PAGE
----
Critics have a lot of fun with Kolob. You may have noticed this. On the surface, the idea of a mystical star that governs everything around us with an unknown energy looks utterly ridiculous. But I’d bet that most critics haven’t considered the things we’ve discussed today in this post. Have they thought how novel it was for Joseph Smith to make up a star, call it the first body made in this creation, and also declare it the “greatest” body in this creation too? From an astrophysicist’s point of view, that is consistent with the accepted chronology of the universe. Maybe there’s more to the Kolob star than a superficial reading provides?

Image from website critical of Kolob and other LDS beliefs.

Kolob may seem like something that’s worth a good laugh and a profanity-laden YouTube video, but if you look deeper, you may find a small nugget of information in Joseph Smith’s writings that he only could have gotten right if he had lived in the late 20th century and been keeping up with his science (and just so you know, he died before the half-way mark of the 19th century). So, the burning question remains: How did he get this right?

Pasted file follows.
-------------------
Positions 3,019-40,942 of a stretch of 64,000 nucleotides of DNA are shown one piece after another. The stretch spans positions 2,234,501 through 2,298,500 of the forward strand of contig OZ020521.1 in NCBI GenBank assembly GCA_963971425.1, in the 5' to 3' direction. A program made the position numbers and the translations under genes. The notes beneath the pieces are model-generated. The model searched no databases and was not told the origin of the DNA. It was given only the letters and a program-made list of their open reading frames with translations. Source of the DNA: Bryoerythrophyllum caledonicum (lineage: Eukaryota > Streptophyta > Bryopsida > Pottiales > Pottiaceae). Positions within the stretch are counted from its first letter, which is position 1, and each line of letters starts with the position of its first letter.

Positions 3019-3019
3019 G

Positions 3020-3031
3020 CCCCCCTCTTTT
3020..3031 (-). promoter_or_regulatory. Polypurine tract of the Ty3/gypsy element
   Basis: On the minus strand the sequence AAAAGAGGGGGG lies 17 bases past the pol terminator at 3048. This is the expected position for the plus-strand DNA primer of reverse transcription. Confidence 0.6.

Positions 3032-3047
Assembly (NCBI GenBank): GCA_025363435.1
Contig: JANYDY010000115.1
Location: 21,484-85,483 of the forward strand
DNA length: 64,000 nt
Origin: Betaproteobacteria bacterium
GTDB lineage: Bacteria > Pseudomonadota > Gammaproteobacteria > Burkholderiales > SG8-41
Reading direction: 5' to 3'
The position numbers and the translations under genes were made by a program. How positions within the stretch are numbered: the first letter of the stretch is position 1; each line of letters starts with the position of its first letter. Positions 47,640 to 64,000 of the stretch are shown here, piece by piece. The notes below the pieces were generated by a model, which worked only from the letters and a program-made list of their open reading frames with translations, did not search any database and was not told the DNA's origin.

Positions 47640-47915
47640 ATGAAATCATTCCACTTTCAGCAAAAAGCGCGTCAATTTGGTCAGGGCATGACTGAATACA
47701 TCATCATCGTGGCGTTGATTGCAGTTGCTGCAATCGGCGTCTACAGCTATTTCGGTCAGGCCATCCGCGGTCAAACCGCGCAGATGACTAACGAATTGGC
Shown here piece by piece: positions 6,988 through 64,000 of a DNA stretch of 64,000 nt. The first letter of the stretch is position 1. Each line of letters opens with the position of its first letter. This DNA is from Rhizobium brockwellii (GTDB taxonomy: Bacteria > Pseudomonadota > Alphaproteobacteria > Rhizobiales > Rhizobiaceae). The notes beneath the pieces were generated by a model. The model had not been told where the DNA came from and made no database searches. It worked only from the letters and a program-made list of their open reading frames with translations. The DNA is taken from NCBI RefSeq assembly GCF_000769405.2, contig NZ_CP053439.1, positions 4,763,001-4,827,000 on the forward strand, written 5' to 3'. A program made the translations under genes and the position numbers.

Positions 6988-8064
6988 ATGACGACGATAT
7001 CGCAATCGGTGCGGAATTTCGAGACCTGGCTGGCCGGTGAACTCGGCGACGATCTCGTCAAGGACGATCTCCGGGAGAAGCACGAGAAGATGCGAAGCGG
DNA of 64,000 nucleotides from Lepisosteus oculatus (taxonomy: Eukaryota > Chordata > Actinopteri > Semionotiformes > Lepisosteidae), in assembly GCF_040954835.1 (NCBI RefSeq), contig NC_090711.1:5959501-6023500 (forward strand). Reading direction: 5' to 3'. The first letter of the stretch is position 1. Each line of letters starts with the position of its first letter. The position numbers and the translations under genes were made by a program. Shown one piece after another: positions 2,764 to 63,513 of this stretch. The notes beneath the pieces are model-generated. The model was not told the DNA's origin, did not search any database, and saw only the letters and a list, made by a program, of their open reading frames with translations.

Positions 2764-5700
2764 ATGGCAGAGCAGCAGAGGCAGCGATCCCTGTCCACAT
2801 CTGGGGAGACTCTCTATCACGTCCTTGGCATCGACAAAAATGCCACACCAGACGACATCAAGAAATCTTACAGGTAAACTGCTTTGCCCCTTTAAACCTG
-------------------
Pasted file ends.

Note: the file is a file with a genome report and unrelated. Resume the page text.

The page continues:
I’m open to suggestions.

To end this post, I’ve included a little timeline of thought and discovery on the subject of stellar masses. It’s by no means comprehensive.


  • Late 1500s: Tycho Brahe estimates the angular diameter of some stars
  • 1564-1642: Galileo thinks all stars are the same diameter as the Sun
  • 1637: Jeremiah Horrocks concludes that stars “were mere points which were not capable of measurement”
  • Late 1600s: Newton calculates relative masses of the Sun and other planets
  • 1838: the first measurement of any stellar distances made. The other stars are far away.
  • 1842: Joseph Smith says the first star is the greatest star
  • 1859: Gustav Kirchhoff and Robert Bunsen discover that stellar lines of absorption pertain to certain chemicals.
  • 1920: Arthur Eddington proposed that stars obtained their energy from nuclear fusion of hydrogen to form helium and raised the possibility that the heavier elements are produced in stars.
  • 1978: Population III stars theorized
  • 2004: Astronomers first measure the mass of a single star other than the Sun
  • 2018: Ethan Siegel writes “Why Were The First Stars Much Larger Than Even Today’s Biggest Ones?” (the article I reference about Population III stars being the most massive)

Sources and Notes

Timeline Sources


Leave a Reply

Fill in your details below or click an icon to log in: Logo

You are commenting using your account. Log Out /  Change )

Facebook photo

You are commenting using your Facebook account. Log Out /  Change )

Connecting to %s